Christchurch is where I have lived (mostly) since about 1964. I even worked in what was the Airspeed factory, which later became a ‘machine shop’ making cast iron wheels for railway station trolleys and the like. A system in which people with degrees in software engineering are employed to sweep factory floors at the national minimum wage in a time of a ‘critical software skills shortage’ is surely broken. (To be fair, everyone had to sweep up at the end of the day.) I digress…
I so wanted one of these. (They say to be careful what you wish for….)
This is the 1/72nd scale Italeri kit of the Airspeed 51 Horsa assault glider. It has a span of more than 14 inches. The figures are one inch tall.
The US equivalent of the Airspeed 51 troop-carrying glider (note the absence of engines and propellers) was the Waco CG-4A.
The ‘glider rider’ paratroops who rode them to the D-Day landing grounds on and after June 6th, 1944, suffered a high casualty rate. According to one history I read, that was only because the landings were made at night, for which no training or other preparation had been made. To land a glider you have to be able to see. (That definitely is one of many things worse than sweeping factory floors at the national minimum wage.)
I read that Waco was originally the Weaver Aircraft Company of Ohio. It was renamed the Waco Aircraft Company in either 1928 or 1929.
The cockpit details of this Italeri 1/72nd scale kit are fictional, so it needs a lot of work if you want that detail. Apart from that, it is a good kit. It has a 14 inch span.
It was remarkably sobering to see the hundreds of American and British gliders littering the fields and orchards. Some were intact, but many had run head-on into the hedgerows bordering every open space and lay there smashed in crunched-up heaps. Their invasion stripes stood out starkly against the green of the fields, and I felt a pang at the thought of the men on board those wrecks.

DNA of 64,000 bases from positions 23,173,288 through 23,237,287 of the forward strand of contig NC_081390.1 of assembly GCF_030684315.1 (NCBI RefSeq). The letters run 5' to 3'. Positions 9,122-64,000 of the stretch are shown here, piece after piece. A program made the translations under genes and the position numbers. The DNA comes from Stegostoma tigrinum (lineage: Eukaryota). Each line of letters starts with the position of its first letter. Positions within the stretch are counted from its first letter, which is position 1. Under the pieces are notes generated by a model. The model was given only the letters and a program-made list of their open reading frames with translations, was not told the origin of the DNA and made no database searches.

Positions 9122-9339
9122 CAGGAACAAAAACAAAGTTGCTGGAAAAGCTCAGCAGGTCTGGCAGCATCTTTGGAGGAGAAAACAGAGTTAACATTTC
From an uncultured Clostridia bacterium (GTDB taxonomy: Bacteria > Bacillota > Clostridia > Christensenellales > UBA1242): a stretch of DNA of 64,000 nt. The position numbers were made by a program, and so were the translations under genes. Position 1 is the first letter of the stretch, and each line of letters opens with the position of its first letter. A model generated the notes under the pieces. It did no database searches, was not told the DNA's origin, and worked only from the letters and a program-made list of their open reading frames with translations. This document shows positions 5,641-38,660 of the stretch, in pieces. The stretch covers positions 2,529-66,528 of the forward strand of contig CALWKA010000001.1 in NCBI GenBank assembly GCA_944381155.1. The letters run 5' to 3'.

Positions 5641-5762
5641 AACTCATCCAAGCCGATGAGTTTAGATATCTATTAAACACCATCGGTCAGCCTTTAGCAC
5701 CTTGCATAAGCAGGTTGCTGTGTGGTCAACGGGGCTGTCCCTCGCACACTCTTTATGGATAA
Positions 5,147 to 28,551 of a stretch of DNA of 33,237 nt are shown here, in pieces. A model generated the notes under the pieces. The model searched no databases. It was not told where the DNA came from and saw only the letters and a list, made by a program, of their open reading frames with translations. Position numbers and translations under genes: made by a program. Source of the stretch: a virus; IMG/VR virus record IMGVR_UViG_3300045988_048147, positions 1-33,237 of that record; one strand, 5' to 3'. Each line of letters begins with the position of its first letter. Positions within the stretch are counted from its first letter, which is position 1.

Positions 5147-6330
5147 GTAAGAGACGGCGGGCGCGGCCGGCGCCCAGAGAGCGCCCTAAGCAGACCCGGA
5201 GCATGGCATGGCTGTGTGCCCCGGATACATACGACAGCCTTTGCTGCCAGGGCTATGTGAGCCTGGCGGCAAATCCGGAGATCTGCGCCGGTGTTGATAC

— from Fighter Pilot, the Memoirs of Legendary Ace Robin Olds, 2010
William Le Mer was an American combat glider pilot in World War 2. He took up hang gliding in the early 1970s and won the first competition he entered. See Hang gliding 1973 part 1.
The helicopter replaced the aerotowed glider as the preferred method of inserting troops behind enemy lines after World War II.
My 1/32nd scale Westland Lysander, which I think is a Revell kit, is fairly large because it was a surprisingly large airplane.
About 1942 or 43 the RAF changed from green and ‘dark earth’ on the upper surfaces of most aircraft to green and ‘dark sea grey’. Bombers, however, continued with green and dark earth uppers.
Dr Dunston Hadley, long time medical advisor to the British Hang Gliding Association, flew Barracudas in World War II. This 1/48th scale model had a lot of resin parts, as distinct from the normal polystyrene. The hard resin parts are much harder to finish and assemble. They included a torpedo, bombs, and aft machine gun, all of which I omitted from this model. (It is so large and plain it would look better in 1/72nd scale I think.)
I finished the Hawker Typhoon (nearest) as one of those that shot down a Ju188 on the edge of the New Forest in May 1944. For some of the consequences of that event, see Shooting a line—my review of Requiem for a Wren, by Nevil Shute and Requiem for an aircrew, my review of a book about the mystery of the Exbury Ju-188. This is the Hasegawa kit. They also make a version with the earlier ‘car door’ style framed canopy.
Plastic DUKW, my Italeri 1/35th scale General Motors DUKW
Wooden wûnder — my Airfix 1/24th scale De Havilland Mosquito (in service after World War 2)
British designed and built Military Gliders by Glyn Bradney (Acrobat document)